2. The subject matter of claim 1 wherein: said photoelectrically responsive means comprises a photoresistor for control of a solid-state switching circuit.

3. An electric pole lantern comprising: a housing including a protective wall of light-transmissive material; a first lamp socket mounted within said housing and connected by conductors to an external power source; photocontrol adapter means having a base secured within said first lamp socket and having a second lamp socket for receiving a lamp to be controlled by said photocontrol adapter means; said photocontrol adapter means comprising a photoelectric element connected in an electrical circuit with said socket; a flexible light-conducting fiber having one end in light coupling association with said photoelectric element and extending from said photoelectric element to another end to conduct light received from outside said housing to said photoelectric element.

4. Photocontrolled electrical illuminating apparatus com prising: a housing including a light-transmissive wall; a lamp within said housing; conductive means entering said housing to electrically energize said lamp; photocontrol means within said housing and electrically connected with said conductive means to control the energization of said lamp in accordance with light level external to said housing; said photocontrol means including a photosensitive element; and a flexible lightconducting fiber having one end in light coupling association with said photosensitive element within said housing and a second end located external to said housing to receive only light external to said housing.

t I t

Patent Citations
Cited PatentFiling datePublication dateApplicantTitle
US3341711 *Oct 14, 1963Sep 12, 1967Holophane Co IncPhotoelectrically controlled luminaire with a prism having a mounting portion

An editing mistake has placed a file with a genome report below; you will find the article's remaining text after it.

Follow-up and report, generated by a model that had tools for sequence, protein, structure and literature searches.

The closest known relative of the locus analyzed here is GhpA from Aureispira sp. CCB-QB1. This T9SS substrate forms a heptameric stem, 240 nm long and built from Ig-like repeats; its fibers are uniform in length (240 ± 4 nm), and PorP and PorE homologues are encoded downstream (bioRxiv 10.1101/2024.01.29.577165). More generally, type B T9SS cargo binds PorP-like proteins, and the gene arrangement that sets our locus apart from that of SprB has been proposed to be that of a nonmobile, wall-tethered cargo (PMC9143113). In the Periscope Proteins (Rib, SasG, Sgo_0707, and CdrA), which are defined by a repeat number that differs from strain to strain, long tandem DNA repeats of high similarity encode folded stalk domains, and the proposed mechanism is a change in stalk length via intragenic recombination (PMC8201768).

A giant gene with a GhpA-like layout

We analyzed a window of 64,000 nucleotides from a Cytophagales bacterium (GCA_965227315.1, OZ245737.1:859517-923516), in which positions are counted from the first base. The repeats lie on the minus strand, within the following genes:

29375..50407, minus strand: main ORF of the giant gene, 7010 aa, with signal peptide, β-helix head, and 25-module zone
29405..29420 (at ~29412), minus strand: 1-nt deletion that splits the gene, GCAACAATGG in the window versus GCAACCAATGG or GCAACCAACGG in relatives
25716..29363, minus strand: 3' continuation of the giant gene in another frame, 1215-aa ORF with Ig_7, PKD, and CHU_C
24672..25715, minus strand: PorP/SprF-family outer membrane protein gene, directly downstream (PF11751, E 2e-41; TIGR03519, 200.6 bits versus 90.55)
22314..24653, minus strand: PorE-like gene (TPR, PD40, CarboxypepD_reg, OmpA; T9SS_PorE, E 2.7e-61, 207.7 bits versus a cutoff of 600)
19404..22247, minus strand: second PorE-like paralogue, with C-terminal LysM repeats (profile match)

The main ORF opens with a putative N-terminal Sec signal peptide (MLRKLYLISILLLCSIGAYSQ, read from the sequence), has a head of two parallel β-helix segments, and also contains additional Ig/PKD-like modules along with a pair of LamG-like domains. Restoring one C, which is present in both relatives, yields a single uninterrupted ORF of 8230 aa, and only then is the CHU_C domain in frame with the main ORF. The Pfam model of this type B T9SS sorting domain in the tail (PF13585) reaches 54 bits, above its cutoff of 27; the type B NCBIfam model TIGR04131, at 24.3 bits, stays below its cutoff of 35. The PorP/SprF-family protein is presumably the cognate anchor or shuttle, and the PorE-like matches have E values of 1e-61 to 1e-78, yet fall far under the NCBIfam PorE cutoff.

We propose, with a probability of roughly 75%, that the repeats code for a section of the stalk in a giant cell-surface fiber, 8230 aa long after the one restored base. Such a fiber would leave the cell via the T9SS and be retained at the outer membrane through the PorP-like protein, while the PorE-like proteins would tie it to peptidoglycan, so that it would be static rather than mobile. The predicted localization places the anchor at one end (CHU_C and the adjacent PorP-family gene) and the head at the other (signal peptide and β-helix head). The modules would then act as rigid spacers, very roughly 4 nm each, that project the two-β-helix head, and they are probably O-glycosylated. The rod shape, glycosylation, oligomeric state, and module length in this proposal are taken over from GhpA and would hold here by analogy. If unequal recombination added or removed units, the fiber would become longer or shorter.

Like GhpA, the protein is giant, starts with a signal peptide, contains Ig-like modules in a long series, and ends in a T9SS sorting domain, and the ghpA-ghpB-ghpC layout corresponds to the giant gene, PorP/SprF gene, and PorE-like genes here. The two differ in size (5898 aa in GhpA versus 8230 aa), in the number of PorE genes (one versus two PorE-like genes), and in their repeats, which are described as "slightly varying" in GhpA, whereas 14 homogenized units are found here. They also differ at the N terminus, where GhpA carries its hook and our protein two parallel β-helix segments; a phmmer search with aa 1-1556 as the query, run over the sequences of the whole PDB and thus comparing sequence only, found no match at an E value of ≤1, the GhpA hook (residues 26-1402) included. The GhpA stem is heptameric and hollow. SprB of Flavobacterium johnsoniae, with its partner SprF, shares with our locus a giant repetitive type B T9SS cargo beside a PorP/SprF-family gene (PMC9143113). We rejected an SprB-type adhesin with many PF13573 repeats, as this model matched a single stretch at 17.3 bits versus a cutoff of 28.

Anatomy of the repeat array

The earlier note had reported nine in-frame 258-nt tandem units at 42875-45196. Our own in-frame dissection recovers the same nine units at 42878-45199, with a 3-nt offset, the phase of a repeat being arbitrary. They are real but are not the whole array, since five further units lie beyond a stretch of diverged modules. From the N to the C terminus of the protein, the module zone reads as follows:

US3496422 *Dec 1, 1966Feb 17, 1970Ebert Electronics CorpPhotoelectric lamp control
US3500054 *Nov 27, 1967Mar 10, 1970Alcatel SaControlled uniform illumination and sensing of objects having differential light reflectivity
Referenced by
Citing PatentFiling datePublication dateApplicantTitle
US4023034 *Sep 8, 1975May 10, 1977Schacht Ezra LLight admitting means for photocell-controlled lighting fixture
US4751433 *Jun 3, 1982Jun 14, 1988Giuseppe BaccanelliDevice permitting of economizing electric lighting energy
US4839562 *Apr 22, 1986Jun 13, 1989Francis Colin RElectrical devices
US5235252 *Dec 31, 1991Aug 10, 1993Blake Frederick HFiber-optic anti-cycling device for street lamps
US5438239 *Oct 19, 1993Aug 1, 1995Nilssen; Ole K.Fluorescent lamp ballast with light output control
US5455488 *Jan 28, 1994Oct 3, 1995Cmc Technologies, Inc.For use in a socket
US5585697 *Nov 17, 1994Dec 17, 1996General Electric CompanyPAR lamp having an integral photoelectric circuit arrangement
US5661370 *Feb 2, 1996Aug 26, 1997Messick; Marlin J.Multi-positionable motion activated light switch
US5962982 *Jun 18, 1998Oct 5, 1999Mancuso; Michael L.Remote positionable photocell device for use with an exterior landscape lighting assembly
US6160353 *Sep 3, 1999Dec 12, 2000Mancuso; Michael L.Remote positionable photocell device for use with an exterior landscape lighting assembly
US7323826Aug 6, 2004Jan 29, 2008Blake Frederick HAnti-cycling control system for luminaires
US7474063May 25, 2006Jan 6, 2009Blake Frederick HAnti-cycling control system for luminaires
DE19521934A1 *Jun 7, 1995Feb 8, 1996Wilhelm WirtzAdjustable integral daylight-dependent control device for dimmable lights in buildings or rooms
DE19644971A1 *Oct 29, 1996May 7, 1998Ridi Leuchten GmbhConstant light arrangement for multiple lighting devices e.g. in work-places and rooms
EP0146247A2 *Nov 2, 1984Jun 26, 1985Holse Co. Ltd.Lighting apparatus
U.S. Classification250/227.21, 250/239, 385/901
International ClassificationF21V23/04, G01J1/04
Cooperative ClassificationG01J1/0425, G01J1/04, Y10S385/901, F21V23/0442
European ClassificationG01J1/04B5, G01J1/04, F21V23/04S